I wonder if there are any restrictions on abortion that you would support? What do you think about the cases when babies are born and then killed (the Gosnel case in Philly, but there are others)? Most babies are viable after 20 weeks, when a great many abortions happen.

By the way, mothers are not always the first in line to decide what is best for their children. There's a very good reason I was a single father for many years, raising my children on my own without any direct government help, with the exception of the school lunch program.

Finally, to be clear on what I do support: ending government subsidies of abortion and a public service campaign making the moral case against abortion. I think those things would save far more lives. While there are some things I think can be done to improve the "safety net," I know personally of a number of people who treat the net more like a hammock and live better than I do in some respects. So reforms should be cognizant of incentives and the old adage that if you want more of something, subsidize it.


Rich Mills

David Zetland said...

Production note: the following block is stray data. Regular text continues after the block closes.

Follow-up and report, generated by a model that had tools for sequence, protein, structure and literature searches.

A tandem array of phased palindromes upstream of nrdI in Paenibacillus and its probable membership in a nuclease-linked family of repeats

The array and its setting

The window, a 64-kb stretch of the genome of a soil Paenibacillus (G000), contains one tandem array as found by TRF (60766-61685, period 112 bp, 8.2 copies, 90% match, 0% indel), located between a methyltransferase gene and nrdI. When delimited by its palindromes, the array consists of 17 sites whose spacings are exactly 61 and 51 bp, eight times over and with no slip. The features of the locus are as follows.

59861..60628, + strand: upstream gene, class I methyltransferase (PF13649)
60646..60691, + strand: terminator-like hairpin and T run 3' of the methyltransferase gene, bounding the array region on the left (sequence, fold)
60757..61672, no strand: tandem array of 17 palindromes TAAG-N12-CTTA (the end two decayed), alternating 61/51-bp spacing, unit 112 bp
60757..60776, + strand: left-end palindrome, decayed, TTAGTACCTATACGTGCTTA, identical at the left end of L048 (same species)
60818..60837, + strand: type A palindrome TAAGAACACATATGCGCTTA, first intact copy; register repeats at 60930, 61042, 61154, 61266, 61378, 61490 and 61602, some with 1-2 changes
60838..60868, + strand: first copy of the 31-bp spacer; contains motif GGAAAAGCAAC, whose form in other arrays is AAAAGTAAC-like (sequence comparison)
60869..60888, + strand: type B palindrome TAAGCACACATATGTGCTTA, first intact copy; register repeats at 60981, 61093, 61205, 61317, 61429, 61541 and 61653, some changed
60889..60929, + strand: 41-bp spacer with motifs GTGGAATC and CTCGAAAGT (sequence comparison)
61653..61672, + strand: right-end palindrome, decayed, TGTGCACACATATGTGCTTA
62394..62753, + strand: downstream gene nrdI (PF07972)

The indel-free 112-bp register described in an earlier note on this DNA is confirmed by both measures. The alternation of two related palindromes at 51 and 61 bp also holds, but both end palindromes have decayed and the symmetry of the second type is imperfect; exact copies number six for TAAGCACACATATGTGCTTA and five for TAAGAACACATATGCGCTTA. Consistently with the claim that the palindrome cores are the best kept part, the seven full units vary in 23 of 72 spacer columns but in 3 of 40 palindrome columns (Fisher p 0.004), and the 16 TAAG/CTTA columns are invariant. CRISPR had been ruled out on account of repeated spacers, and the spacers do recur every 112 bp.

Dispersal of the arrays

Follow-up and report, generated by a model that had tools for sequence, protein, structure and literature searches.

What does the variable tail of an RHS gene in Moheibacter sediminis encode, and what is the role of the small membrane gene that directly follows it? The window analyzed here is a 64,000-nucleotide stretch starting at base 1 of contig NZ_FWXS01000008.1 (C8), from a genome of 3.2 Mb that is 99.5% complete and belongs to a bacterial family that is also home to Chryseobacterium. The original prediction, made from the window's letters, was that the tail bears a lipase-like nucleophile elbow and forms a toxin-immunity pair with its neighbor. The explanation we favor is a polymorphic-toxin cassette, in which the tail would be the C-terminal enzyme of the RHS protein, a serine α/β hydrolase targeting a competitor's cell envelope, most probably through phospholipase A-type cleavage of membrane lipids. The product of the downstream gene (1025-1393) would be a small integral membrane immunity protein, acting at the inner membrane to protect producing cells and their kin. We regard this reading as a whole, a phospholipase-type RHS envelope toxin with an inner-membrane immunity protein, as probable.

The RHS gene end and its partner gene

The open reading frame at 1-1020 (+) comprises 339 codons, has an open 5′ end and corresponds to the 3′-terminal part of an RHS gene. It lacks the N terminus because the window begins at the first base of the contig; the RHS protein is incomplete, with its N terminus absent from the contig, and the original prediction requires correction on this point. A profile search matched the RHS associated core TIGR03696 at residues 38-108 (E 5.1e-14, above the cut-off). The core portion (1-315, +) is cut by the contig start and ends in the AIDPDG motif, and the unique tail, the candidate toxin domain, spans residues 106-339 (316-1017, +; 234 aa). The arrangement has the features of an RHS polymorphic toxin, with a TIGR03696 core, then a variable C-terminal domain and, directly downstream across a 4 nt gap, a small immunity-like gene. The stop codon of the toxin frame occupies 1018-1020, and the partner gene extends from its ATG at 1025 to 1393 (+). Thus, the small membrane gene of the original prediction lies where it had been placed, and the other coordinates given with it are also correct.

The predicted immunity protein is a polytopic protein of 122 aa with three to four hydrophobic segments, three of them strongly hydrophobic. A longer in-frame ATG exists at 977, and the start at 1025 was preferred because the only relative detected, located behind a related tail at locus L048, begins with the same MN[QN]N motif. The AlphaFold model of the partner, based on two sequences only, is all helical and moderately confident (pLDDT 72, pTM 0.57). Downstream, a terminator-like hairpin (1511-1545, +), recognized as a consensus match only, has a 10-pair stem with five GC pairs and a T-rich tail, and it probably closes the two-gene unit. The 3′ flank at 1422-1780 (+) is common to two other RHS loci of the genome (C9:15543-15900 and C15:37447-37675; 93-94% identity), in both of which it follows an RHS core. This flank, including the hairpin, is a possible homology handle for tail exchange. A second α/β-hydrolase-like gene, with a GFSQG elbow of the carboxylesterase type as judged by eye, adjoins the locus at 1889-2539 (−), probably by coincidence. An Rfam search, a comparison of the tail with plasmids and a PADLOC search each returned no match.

@Rich -- yes, there's a quandry when it comes to choosing between the mother's wishes and the life of an unborn child. We protect "women and children" all the time, but what about a choice between the mother and her fetus? If one's life was to end, I'd say that the fetuses would be the way to go, as we have no debates over murder of "those already born." From there, I support abortion as the mother's choice. Of course, it would be nice to transfer the fetus to someone who wanted it - and who could care for it -- be we do not have that social or technological capability. That's why I still favor abortion as a third-best "solution" to unwanted pregnancies. The first-best is not to have them; the second-best is MUCH better birth control and social security. Those are missing -- due to religious zealots -- in the US, Ireland, et al., but not in countries where women have more rights (e.g., Scandinavia, NL, et al.)